In an email, Rivera declined to say how he obtained the voice mail. "The origin of the tape is irrelevant," he said.
During the TV interview, Rivera repeatedly accused Joe Garcia of being under investigation by the Federal Election Commission for campaign finance violations -- though the FEC has said no such probe exists.
Rivera is referring to financial reporting incidents the agency has flagged in letters to Garcia -- letters that candidates frequently receive and do not amount to an "investigation." Rivera has received at least one FEC letter this election asking him for additional information about his campaign funding.
Rivera also repeated mostly inaccurate claims he has made attacking Garcia's tenure on the Florida Public Service Commission, which regulates utilities, and at the U.S. Department of Energy.
Garcia did not appear on the show. His campaign said he had accepted an invitation to a debate three weeks ago, but had later been told only Garcia would appear because Rivera had not responded to the same invitation.
When Garcia's campaign was informed Saturday night that Rivera would show up after all, it declined the invitation, citing insufficient time to prepare.
Rivera accused Garcia of "corruption." Garcia's campaign said the record shows that Rivera is the one with ethical issues.
For at least a year, Rivera has been under investigation by the FBI and IRS over his personal and campaign finances, which were also probed by state authorities. The state investigation closed earlier this year without any of 52 drafted charges filed against the first-term Miami Republican congressman.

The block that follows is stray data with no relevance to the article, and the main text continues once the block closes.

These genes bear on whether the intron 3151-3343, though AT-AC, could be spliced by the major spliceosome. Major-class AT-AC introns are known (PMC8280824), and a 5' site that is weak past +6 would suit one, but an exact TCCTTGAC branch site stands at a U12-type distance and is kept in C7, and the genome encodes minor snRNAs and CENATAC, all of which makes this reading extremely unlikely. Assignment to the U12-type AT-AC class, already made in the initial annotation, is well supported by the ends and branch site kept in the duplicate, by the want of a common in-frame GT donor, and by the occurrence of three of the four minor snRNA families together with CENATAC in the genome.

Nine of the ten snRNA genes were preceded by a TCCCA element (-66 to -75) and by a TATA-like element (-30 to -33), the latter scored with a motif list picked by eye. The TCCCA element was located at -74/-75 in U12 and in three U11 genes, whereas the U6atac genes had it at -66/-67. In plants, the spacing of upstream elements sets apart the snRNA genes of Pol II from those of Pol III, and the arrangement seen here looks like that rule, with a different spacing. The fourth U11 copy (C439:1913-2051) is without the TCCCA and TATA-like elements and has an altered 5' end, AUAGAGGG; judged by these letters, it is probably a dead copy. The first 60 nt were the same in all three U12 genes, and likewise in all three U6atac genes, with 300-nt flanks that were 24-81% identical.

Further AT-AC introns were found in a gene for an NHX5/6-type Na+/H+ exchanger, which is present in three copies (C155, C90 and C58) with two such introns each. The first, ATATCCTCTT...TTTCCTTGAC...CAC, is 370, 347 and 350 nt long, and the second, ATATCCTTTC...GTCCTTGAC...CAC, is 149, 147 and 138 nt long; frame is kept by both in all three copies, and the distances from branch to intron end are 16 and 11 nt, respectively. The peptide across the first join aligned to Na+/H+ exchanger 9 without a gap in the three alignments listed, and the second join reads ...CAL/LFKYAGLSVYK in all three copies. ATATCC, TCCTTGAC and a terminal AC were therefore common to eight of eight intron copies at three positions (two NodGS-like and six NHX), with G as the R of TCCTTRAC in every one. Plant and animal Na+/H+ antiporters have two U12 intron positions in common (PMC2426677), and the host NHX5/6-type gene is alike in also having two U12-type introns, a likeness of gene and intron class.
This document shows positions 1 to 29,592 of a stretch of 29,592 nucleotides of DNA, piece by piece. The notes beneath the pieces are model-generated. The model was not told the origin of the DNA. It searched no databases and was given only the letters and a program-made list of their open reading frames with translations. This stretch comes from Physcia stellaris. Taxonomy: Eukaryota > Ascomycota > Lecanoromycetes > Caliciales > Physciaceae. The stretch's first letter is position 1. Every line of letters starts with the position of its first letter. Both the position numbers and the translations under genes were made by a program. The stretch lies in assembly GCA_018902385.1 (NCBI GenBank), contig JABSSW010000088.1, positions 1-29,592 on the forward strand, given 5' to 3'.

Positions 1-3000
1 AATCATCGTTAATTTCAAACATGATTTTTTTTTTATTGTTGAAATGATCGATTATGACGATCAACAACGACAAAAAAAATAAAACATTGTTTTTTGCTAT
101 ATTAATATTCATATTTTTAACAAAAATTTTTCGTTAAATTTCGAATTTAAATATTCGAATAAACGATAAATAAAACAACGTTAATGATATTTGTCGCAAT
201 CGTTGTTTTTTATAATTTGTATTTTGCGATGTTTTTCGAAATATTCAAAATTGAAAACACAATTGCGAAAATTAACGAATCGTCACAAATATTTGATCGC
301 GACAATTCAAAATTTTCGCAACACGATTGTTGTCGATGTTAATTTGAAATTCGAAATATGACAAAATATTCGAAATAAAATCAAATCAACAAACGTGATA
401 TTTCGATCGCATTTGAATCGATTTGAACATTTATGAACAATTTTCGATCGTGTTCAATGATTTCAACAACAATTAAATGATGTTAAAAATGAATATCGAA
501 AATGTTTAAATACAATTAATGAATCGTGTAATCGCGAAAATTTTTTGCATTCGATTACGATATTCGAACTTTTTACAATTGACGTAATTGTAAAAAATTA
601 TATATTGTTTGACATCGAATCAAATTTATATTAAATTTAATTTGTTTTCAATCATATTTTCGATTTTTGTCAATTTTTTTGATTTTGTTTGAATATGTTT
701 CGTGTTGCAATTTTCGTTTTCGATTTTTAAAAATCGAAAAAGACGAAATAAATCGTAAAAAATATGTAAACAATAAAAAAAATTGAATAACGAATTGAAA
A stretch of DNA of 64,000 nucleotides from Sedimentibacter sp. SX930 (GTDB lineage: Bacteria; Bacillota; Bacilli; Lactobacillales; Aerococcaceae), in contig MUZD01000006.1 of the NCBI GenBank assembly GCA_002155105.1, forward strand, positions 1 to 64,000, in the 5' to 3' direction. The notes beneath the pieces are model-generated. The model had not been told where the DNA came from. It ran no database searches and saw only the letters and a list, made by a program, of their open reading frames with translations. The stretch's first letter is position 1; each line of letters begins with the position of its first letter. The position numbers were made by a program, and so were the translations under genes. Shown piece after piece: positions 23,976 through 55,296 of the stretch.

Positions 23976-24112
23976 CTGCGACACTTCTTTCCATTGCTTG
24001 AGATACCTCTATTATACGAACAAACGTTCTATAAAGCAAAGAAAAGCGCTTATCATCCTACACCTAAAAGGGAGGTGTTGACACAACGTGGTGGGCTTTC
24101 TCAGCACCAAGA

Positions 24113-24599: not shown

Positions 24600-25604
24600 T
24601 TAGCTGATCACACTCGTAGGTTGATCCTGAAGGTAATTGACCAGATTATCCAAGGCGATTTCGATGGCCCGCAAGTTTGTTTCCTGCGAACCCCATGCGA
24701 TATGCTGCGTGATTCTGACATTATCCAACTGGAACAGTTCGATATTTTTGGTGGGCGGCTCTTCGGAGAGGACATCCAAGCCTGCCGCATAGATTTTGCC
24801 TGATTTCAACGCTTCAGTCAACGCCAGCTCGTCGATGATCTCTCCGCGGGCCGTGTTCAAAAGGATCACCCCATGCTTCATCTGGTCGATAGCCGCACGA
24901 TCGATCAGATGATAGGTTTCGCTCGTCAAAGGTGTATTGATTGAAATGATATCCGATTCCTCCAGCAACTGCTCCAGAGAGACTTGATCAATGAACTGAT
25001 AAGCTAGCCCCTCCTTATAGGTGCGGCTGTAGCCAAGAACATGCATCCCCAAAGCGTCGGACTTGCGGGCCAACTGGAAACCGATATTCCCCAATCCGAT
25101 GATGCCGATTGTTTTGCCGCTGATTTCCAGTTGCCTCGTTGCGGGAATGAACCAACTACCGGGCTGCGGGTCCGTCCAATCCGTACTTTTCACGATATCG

Email records from that investigation refer to federal authorities conducting interviews in the case. And they show that Rivera had hired a defense attorney who was working on the case for two months while Rivera repeatedly denied to reporters that he knew of the investigation.
Earlier this weekend, Garcia and Rivera appeared in separate segments on WPBT-PBS 2's Issues with Helen Ferre.
When Putney asked Rivera about opposing the DREAM Act -- stalled legislation in Congress that would provide a path citizenship to young people brought into the U.S. illegally as children by their parents -- the congressman said that was "quite inaccurate."
"What I said during the 2010 campaign is that the DREAM Act...was something that we needed to build upon," said Rivera, parsing his words.
In a Spanish-language campaign ad, Rivera features a DREAMer Daniela Pelaez, a recent North Miami Senior High School graduate who faced deportation because her parents brought her into the country from Colombia illegally as a child. She received a reprieve thanks in part to intervention from Rivera and other members of Congress.
A fiery Rivera, who takes the hard line on matters of U.S.-Cuba policy, concluded the interview by arguing for his proposal to limit travel and remittances to the island by recent Cuban immigrants.
"I am sick and tired of people coming here from Cuba -- getting welfare benefits, getting food stamps, getting Medicaid, getting housing assistance, getting cash assistance -- then taking those welfare benefits from the largesse and the charitable spirit of the American people, the American taxpayer, and then traveling back to Cuba, which is a terrorist state," he said.
Miami Herald staff writers Marc Caputo and Charles Rabin contributed to this report.
Distributed by MCT Information Services
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